Super Mario Odyssey Does Post-Game Content Right

Super Mario Odyssey Does Post-Game Content Right

Give me a reason to keep playing and I'll keep on playing.

Need help capturing enemies, beating bosses, or moon-gazing? Check out our Super Mario Odyssey guides.

I'm not good with endings. I was always that dumb kid who'd weep at the end of a book, TV series, or movie. For a long time, I dreaded finishing great games, too.

See, it wasn't so long ago when a video game was invariably a compete, sealed package. You got your beginning, your middle, and your end. Finito. No DLC, no patches. Even sequels rarely picked up where the previous story left off. Once the characters you loved exited stage left on an airship at the end of the credit roll, that was usually the last you'd see of them. Sure, you could start a new game, but you'd just walk over the footsteps you left on your first adventure. Never again would you have new experiences with these characters.

So here's my dirty secret: I'm glad we live in an age where remakes, DLC, story expansions, and robust post-game content are commonplace. I can spend more time with the characters I love. I can delay that last goodbye for just a little longer.

Nevermind that almost every attempt to build on Final Fantasy VII's story has yielded only pain and tears.

That's not to say I hate games that close the book and tell me "That's it. We're done. Go outside." I'm a big girl; I know good times can't last forever. I'm just particularly appreciative of games that give me a good reason to keep on playing once I've accomplished my biggest and most pressing task.

Super Mario Odyssey, for example, has some excellent post-game content, and I hope other big releases take a few cues from the globe-trotting plumber.

(!!!Spoilers for Super Mario Odyssey's ending and post-game follow!!!)

After Mario busts up the wedding between Peach and Bowser, you're allowed to visit the Mushroom Kingdom. This is cool on its own, as the small level is a re-creation of the courtyard from Super Mario 64. You can even meet Yoshi on the castle's roof, and buy a delightfully polygonal costume that calls back to Mario's boxier days.

Mario can only be described as "sleek" and "chiseled" when he's a Banzai Bill.

But there's more to the visit than just futzing around in a courtyard of nostalgia. You quickly learn Princess Peach has vanished again-this time seemingly of her own volition. She packed a suitcase and took off with Cappy's sister to parts unknown.

The Toads are, as usual, beside themselves. Instead of attempting to find Peach themselves (I guess those stubby little legs can't take them very far; even the unusually brave Captain Toad needs to rest often), they beg Mario to find their monarch and drag her back.

Right off the bat, Super Mario Odyssey gives us a good story-based reason to keep on playing. Of course you want to find Peach and congratulate her for just packing her shit up and taking off. Good call, girl.

You soon learn Peach isn't angry; she just needed a vacation. You find her when you re-visit levels, and she's happy to bless you with more Power Moons. Peach-hunting is fun for a couple of reasons. First, there's a bit of a "Where's Waldo?" vibe that asks you to guess which Kingdom Peach is going to next-then you have to find her, which is a challenge in larger Kingdoms. Second, Peach changes her wardrobe from Kingdom to Kingdom, and her outfits are very fashionable and adorable.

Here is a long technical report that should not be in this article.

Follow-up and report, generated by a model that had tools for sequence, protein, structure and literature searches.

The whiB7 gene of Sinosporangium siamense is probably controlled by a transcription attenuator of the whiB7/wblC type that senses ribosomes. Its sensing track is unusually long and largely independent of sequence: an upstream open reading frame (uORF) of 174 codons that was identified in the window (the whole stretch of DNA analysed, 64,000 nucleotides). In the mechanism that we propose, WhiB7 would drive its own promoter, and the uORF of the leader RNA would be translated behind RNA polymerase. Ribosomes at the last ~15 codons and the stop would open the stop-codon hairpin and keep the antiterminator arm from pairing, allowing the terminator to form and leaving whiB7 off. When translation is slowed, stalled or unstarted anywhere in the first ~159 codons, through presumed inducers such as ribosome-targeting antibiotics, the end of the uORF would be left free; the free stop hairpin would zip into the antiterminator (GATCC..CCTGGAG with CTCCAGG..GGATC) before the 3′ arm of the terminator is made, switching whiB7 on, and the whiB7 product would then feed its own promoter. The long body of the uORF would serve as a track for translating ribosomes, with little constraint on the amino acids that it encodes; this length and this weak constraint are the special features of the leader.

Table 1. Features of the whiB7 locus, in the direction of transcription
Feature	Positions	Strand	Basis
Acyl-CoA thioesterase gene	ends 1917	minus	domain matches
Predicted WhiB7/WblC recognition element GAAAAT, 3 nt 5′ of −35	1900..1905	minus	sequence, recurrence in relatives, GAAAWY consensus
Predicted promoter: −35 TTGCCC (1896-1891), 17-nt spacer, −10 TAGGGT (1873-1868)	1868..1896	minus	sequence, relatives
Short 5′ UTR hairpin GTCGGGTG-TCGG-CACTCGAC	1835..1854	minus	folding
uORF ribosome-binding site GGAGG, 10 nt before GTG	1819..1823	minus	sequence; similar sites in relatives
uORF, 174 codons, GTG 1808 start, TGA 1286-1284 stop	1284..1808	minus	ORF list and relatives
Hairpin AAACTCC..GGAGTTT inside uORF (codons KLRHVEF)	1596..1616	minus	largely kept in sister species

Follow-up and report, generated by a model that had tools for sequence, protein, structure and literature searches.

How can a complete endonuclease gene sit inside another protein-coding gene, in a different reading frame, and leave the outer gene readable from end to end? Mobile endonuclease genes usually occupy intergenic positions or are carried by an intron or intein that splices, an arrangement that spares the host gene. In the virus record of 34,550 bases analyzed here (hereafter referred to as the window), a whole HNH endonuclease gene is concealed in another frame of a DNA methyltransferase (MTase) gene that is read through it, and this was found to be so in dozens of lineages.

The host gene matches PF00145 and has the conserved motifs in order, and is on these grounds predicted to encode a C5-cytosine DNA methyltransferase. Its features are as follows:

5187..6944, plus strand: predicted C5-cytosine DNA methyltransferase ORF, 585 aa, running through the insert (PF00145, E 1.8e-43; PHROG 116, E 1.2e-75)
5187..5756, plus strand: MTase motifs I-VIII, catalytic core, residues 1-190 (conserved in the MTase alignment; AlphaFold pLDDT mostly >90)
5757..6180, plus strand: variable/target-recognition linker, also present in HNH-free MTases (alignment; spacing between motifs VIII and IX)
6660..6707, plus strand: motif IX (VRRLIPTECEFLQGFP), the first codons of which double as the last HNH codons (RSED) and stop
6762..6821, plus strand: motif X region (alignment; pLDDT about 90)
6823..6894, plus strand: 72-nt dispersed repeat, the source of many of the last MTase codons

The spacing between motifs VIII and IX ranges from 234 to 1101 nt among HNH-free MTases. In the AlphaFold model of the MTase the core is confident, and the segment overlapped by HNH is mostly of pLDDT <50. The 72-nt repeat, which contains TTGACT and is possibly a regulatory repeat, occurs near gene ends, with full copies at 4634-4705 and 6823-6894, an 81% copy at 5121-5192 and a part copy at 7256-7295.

Hey Nintendo, DLC idea here: I'd like more excuses to be a dinosaur, please. Thanks.

As you track down Peach, you learn the many different races populating Mario Odyssey mingled after Mario defeated Bowser. They're all visiting each others' Kingdoms now, which results in some funny background jokes: I saw a giant snail-person from the Seaside Kingdom and an anthromorphic fork from the Luncheon Kingdom argue for the love of a woman from New Donk City.

Of course, there are a couple more Kingdoms to unlock, though they're more like contained challenges for the hardcore. To be honest, when I learned Peach departed the Mushroom Kingdom with a suitcase, I'd hoped she was off to Isle Delfino from Super Mario Sunshine. Mucking around in a high-resolution realization of Peach's courtyard from Super Mario 64 is a trip, and I wouldn't mind a small slice of paradise. Free DLC idea here, Nintendo.

I digress. The point is, Mario Odyssey gives you several good reasons not to hit the power button after "The End" pops up. There's still a little more story to experience, some new lands to explore, some new costumes to collect, and tons of Moons to gather. Tons and tons of Moons.

Nintendo clearly wants you to keep frolicking once Bowser's been put down, and it's hard to say no.

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Nadia Oxford

Staff Writer

Nadia has been writing about games for so long, only the wind and the rain (or the digital facsimiles thereof) remember her true name. She's written for Nerve,, Gamepro, IGN, 1UP, PlayStation Official Magazine, and other sites and magazines that sling words about video games. She co-hosts the Axe of the Blood God podcast, where she mostly screams about Dragon Quest.

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